image
Conservation

Compilation of herbal plants (description, geographical distribution, taxonomy, line drawings), biodiversity and herbarium.

Read More
image
Research & Publication

Description of herbal and T&CM research, searchable publication and process from medicinal plant discovery to clinical trial in producing a high-quality registered herbal drug.

Read More
 
Traditional & Complementary Medicine (T&CM)

 

Definition and description of therapies, policy, training and education, research in the practise of (T&CM) and integrated medicine system.           

Read More

 

News Update

Announcement & Advertisement

Forthcoming Events

Annual Congress on Traditional Medicine

From Wed, 12. May 2021 Until Thu, 13. May 2021

5th International Conference on Medical and Health Informatics (ICMHI 2021

From Fri, 14. May 2021 Until Sun, 16. May 2021

International Conference on Traditional Medicine and Phytochemistry 2021

From Mon, 12. July 2021 Until Wed, 14. July 2021

Asian Symposium on Medicinal Plants and Spices XVII (2020)

From Tue, 17. August 2021 Until Thu, 19. August 2021

Melochia corchorifolia L.

Synonyms

Melochia concatenata L.

Vernacular Names:

Malaysia

Lemak Ketam, Lemak Kepiting, Limah Ketam, Bayam Rusa, Bunga Padang, Pulut- pulut

English Crab’s Eggs, Wire Bush, Chocolate-weed

General Information

Description

This pan tropic weed is common in the wastelands. In Peninsular Malaysia, it is apparently found throughout open places.[1]

Plant Part Used

Leaf, root, sap.[1]

Chemical Constituents

A phytochemical study of leaves of Melochia corchorifolia has shown the presence of triterpenes: friedelin, friedelinol and β-amyrin; flavonol glycosides: hibifolin, triflin and melocorin; aliphatic compounds; flavonoids: vitexin and robunin; β-D-sitosterol and its stearate; β-D-glucoside and alkaloids.[2]

Adouetine and a new cyclopeptide alkaloid, melofoline, have been isolated from Melochia corchorifolia. The latter was characterized from its mass spectrum and hydrolysis products.[3]

A cyclopeptide alkaloid, franganine, and a new pseudooxindole alkaloid, melochirorine, have been isolated from Melochia corchorfolia. The latter compound was characterized from its spectral data and by acetylation product.[4] 

Nutritional content

The proximate analysis of the dried powdered leaves showed the following composition (dry weight content %):

High crude protein content (23.31 ± 2.27%), crude lipid value (13.33 ± 2.89%), low available carbohydrate value (30.03 ± 2.83%), high dietary fibre content (23.33 ±2.89%) and high ash content (10.00 ± 0.10%). The fresh leaves have high moisture content (620.16 ± 6.11 % wet weight) with low energy value (275.66 ± 23.20kcal/100g). 

Macro- and microelements play a vital role in human nutrition as they are dietary essential. Mineral analysis showed that the leaves contain a high level of potassium (7.250 ±37.5mg/100g DW), followed by calcium (750.37 ± 0.58mg/100g DW), magnesium (108.33 ± 5.77mg/100g DW) and then phosphorus (101.89 ± 0.08mg/100g DW). Sodium content (94.00 ± 1.15 mg/100g DW) is the lowest among the macroelements determined. Other mineral compositions in mg/100g DW are: Cu (33.50±2.55), Fe (19.91±3.01), Mn (9.68±0.59) and Zn (6.73±0.62).[5]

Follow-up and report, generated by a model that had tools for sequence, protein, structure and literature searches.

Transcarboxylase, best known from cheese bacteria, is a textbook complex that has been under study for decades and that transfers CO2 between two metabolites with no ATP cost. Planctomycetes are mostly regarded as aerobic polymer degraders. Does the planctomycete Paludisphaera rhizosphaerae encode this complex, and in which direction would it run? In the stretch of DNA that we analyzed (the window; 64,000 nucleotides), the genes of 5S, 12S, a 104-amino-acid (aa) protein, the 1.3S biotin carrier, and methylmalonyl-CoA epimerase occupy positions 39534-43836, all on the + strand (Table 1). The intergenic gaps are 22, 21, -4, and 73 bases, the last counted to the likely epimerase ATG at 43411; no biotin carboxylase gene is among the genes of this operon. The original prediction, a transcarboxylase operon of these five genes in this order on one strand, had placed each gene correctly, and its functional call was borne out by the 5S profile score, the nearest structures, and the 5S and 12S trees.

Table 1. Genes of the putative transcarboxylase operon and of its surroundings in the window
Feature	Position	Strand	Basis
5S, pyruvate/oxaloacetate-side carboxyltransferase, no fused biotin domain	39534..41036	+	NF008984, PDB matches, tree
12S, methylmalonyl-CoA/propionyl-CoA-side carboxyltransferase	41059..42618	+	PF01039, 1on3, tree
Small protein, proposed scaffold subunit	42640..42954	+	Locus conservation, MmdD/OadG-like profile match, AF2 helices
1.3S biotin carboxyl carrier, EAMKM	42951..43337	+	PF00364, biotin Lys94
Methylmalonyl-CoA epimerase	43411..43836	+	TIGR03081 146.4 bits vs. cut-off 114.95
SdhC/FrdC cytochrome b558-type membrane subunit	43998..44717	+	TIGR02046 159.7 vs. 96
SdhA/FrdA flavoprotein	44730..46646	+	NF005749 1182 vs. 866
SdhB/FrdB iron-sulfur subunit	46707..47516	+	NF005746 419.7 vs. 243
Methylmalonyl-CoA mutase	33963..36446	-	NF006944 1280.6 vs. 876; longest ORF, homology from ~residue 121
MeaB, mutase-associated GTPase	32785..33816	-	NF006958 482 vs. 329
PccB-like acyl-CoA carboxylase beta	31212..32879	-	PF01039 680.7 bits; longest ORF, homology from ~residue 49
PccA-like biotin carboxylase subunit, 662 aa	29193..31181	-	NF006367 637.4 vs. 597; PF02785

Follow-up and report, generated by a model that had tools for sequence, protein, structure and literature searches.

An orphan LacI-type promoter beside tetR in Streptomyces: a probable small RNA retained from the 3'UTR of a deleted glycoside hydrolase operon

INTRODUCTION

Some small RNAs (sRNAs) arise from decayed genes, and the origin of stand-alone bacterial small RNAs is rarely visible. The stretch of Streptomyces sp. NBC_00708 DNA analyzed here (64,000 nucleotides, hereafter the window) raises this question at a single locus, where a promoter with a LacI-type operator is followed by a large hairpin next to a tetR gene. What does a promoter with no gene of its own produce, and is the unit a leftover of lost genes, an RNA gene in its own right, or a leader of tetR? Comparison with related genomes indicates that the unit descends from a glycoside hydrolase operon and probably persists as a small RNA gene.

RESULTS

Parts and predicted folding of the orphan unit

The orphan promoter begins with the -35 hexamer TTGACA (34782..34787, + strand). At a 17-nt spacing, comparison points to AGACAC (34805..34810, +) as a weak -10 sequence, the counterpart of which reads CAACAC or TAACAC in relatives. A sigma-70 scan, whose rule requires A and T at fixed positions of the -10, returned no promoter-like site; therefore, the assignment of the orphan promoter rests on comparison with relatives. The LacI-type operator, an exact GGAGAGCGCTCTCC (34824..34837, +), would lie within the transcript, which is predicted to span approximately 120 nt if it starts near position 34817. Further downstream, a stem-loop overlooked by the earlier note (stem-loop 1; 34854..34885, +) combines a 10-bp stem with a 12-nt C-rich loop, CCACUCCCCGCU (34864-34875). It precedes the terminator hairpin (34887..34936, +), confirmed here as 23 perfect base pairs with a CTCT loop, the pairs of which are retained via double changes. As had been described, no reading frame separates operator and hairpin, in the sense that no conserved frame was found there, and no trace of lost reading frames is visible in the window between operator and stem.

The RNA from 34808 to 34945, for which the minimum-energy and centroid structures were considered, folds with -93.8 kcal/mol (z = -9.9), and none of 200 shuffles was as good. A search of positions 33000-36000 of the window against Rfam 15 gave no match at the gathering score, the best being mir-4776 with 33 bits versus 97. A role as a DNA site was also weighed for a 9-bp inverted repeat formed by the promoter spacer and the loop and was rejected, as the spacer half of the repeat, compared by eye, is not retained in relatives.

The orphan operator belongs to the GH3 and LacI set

Traditional Use:

The leaves are used to poultice ulcers, abdominal swelling and chest pains. A simple decoction of the leaves is used to stop vomiting and as a mixture for treating urinary disorders. A decoction of the roots and leaves is swallowed to treat dysentery.[1] 

The sap is applied to heal wounds poisoned by Antiaris. The plant is also used to relieve gastralgia and headaches.[1]

Pre-Clinical Data

Pharmacology

No documentation

Toxicities

No documentation

Clinical Data

Clinical Trials

No documentation

Adverse Effects in Human:

No documentation

Use in Certain Conditions

Pregnancy / Breastfeeding

No documentation

Age Limitations

Neonates / Adolescents

No documentation

Geriatrics

No documentation

Chronic Disease Conditions

No documentation

Interactions

Interactions with drugs

No documentation

Interactions with Other Herbs / Herbal Constituents

No documentation

Contraindications

Contraindications

No documentation

Case Reports

No documentation

Read More

  1) Botanical Info

References

  1. Herbal Medicine Research Centre, Institute for Medical Research, Kuala Lumpur. 2002. Compendium of Medicinal Plants Used in Malaysia. 2002; 2:134.
  2. Bosch, C.H. Melochia corchorifolia L. [Internet] Record from Protabase, 2004. http://database.prota.org/search.htm/ accessed on 31 May 2007.
  3. Bhakuni, R.S., Shukla, Y.N. & Thakur, R.S. Cyclopeptide alkaloids from Melochia corchorifolia. Phytochemistry 1987; 26(1):324-325. Abstract.
  4. Bhakuni, R.S., Shukla, Y.N. & Thakur, R.S. Melochicorine, a pseudooxindole alkaloid from Melochia corchorifolia. Phytochemistry. 1991; 30 (9): 3159-3160. Abstract.
  5. Umar, K.J. et al. Nutritional Content of Melochia corchorifolia (Linn.) Leaves. Int. J. Biol. Chem. 2007; 1 (4): 250-255.

Explore Further

Consumer Data

Consumer data including medicinal herbs, dietary supplement monographs, health condition monographs and interactions and depletions.                                    

Read More
Professional Data

Professional data organized into medicinal herbs, dietary supplement monographs, health condition monographs, T&CM herbs, formulas, health conditions, interactions and depletions.

Read More
International Data

We offer International linkages to provide extensive content pertaining to many facets of T&CM as well as Integrated Medicine. Please register for access.    

Read More